Chiyoda seals $2.7bn deal for Indonesian copper smelting plant

TOKYO — Chiyoda, a Japanese engineering and construction company, has signed an estimated 300 billion yen ($2.7 billion) contract to build a copper smelting plant in Indonesia, the company said on Thursday.  

The contract was awarded by a subsidiary of U.S. mining company Freeport-McMoRan’s, and covers all aspects of the project from design to construction. 

The plant will have one of the world’s largest smelting capacities, and will cater to rising demand for copper in various industries that need to decarbonize, especially automakers expanding electric vehicle production.

High quality copper is a key component in EVs as it is used in motors, batteries and cables.

The plant is due to become operational by 2025. It will be located in East Java province where Chiyoda’s Indonesian subsidiary will process copper ore mined from the Grasberg mine, which has some of the world’s largest copper and gold deposits. 

A copper smelter Chiyoda built in the past — the Japanese company has been constructing plants in Indonesia since the 1980s. 

Chiyoda has not disclosed the exact value of the contract, but had set a target of 300 billion yen in orders for the current fiscal year. This deal on its own covers that.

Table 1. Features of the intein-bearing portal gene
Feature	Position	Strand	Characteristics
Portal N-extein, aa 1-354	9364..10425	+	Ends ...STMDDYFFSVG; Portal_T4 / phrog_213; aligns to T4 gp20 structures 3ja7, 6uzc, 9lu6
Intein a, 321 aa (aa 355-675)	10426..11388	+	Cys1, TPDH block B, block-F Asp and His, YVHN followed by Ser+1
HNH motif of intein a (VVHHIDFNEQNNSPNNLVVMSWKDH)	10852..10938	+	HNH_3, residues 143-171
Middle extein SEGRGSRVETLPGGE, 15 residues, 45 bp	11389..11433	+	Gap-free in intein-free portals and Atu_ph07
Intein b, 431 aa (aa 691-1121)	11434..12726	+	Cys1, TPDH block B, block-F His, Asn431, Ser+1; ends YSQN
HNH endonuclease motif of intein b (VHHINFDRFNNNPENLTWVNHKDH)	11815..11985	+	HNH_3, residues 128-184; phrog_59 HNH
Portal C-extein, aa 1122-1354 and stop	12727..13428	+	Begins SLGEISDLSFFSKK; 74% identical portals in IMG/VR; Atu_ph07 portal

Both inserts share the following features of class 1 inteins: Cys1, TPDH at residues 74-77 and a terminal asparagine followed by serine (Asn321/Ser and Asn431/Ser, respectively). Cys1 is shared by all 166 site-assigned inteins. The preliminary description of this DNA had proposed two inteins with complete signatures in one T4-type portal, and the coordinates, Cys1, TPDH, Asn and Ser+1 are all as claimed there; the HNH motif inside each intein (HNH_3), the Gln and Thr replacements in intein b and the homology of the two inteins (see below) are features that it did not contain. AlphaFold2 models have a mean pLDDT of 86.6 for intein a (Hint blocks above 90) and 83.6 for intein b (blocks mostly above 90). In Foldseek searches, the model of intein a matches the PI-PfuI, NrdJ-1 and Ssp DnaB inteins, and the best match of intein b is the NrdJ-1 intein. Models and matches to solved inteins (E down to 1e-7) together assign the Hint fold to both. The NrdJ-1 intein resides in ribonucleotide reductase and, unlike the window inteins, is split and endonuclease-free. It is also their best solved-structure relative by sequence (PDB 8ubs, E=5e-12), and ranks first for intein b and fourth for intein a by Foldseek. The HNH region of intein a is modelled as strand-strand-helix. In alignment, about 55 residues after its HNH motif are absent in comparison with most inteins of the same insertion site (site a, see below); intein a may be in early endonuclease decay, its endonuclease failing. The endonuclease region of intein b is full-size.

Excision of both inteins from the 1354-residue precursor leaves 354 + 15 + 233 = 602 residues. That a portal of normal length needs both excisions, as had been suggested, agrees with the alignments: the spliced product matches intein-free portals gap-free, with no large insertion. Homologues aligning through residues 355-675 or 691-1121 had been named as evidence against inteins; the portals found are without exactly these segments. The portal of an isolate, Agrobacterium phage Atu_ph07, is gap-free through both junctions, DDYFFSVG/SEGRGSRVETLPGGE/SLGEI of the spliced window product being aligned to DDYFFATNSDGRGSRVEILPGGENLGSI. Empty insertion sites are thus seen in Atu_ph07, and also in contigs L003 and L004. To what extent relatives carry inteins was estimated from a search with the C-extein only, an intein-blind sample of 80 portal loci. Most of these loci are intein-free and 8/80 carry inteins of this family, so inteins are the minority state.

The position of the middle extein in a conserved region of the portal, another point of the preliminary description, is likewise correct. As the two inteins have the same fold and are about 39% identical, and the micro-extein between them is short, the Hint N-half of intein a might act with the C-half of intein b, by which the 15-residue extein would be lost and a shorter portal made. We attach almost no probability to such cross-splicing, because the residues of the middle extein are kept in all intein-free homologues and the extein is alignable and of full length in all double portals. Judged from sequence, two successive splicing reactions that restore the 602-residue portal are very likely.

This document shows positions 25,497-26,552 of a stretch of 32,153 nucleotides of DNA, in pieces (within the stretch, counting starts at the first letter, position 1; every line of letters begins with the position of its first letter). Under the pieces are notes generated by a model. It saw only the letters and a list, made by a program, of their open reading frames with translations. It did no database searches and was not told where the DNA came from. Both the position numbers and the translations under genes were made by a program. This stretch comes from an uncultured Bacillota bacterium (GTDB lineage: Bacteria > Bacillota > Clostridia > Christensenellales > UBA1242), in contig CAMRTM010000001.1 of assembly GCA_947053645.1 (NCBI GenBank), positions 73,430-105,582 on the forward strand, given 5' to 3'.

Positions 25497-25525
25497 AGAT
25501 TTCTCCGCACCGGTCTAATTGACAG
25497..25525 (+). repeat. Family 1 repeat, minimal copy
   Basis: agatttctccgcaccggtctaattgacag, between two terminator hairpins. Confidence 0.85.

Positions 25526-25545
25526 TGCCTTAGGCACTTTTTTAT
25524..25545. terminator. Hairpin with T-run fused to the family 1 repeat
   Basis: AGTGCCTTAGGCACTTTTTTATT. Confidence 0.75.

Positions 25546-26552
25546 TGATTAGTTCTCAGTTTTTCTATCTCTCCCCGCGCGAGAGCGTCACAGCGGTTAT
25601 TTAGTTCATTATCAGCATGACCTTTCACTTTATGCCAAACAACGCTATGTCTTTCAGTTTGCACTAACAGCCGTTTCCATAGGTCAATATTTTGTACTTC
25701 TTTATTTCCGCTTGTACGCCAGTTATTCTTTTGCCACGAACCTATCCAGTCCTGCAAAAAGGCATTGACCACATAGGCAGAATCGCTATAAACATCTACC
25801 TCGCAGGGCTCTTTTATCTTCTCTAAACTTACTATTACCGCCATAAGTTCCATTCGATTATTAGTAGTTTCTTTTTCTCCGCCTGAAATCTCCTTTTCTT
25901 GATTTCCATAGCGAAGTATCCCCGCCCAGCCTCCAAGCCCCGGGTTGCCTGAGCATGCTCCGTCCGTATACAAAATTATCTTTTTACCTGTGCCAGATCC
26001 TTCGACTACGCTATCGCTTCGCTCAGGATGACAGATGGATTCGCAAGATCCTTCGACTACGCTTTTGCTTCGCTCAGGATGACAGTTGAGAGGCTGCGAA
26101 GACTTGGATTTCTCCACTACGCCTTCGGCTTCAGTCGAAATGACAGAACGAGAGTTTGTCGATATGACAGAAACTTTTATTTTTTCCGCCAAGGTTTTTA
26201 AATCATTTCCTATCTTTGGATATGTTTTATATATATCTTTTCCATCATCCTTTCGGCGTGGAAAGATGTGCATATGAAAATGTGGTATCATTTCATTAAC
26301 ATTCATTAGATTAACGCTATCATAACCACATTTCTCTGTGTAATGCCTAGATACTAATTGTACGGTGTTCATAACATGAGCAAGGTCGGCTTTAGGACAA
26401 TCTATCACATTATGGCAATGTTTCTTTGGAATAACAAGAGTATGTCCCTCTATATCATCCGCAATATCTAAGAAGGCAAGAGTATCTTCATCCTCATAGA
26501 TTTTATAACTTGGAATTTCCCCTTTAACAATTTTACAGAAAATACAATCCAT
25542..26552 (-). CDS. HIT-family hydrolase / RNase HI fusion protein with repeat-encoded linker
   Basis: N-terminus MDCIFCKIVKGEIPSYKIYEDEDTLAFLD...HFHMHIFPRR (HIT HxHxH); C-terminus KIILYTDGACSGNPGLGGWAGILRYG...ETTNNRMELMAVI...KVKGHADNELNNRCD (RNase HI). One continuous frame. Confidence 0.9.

Chiyoda has been taking orders for oil, liquefied natural gas (LNG) and other energy-related plants in Indonesia since the 1980s.

In 1998, the company built Indonesia’s first large-scale copper smelting plant, which it still inspects and maintains, giving it a strong track record for the new project. 

The Japanese company is in the process of restructuring its business portfolio for stronger financing and growth. For the year ending in March, about 80{8a924211cc822977802140fcd9ee67aa8e3c0868cac8d22acbf0be98ed6534bd} of the company’s total revenue from completed constructions was in energy-related projects such as LNG and oil plants.

Chiyoda plans to lower that figure to around 50{8a924211cc822977802140fcd9ee67aa8e3c0868cac8d22acbf0be98ed6534bd} by 2030. It will achieve this by expanding into new fields, such as renewable energy, hydrogen and pharmaceutical plants. Copper smelting also falls into this category. 

In a report by Goldman Sachs published in April, the securities firm said that the global decarbonization trend will lead to a rapid increase in the need for copper and  prompt a significant rise in its price.

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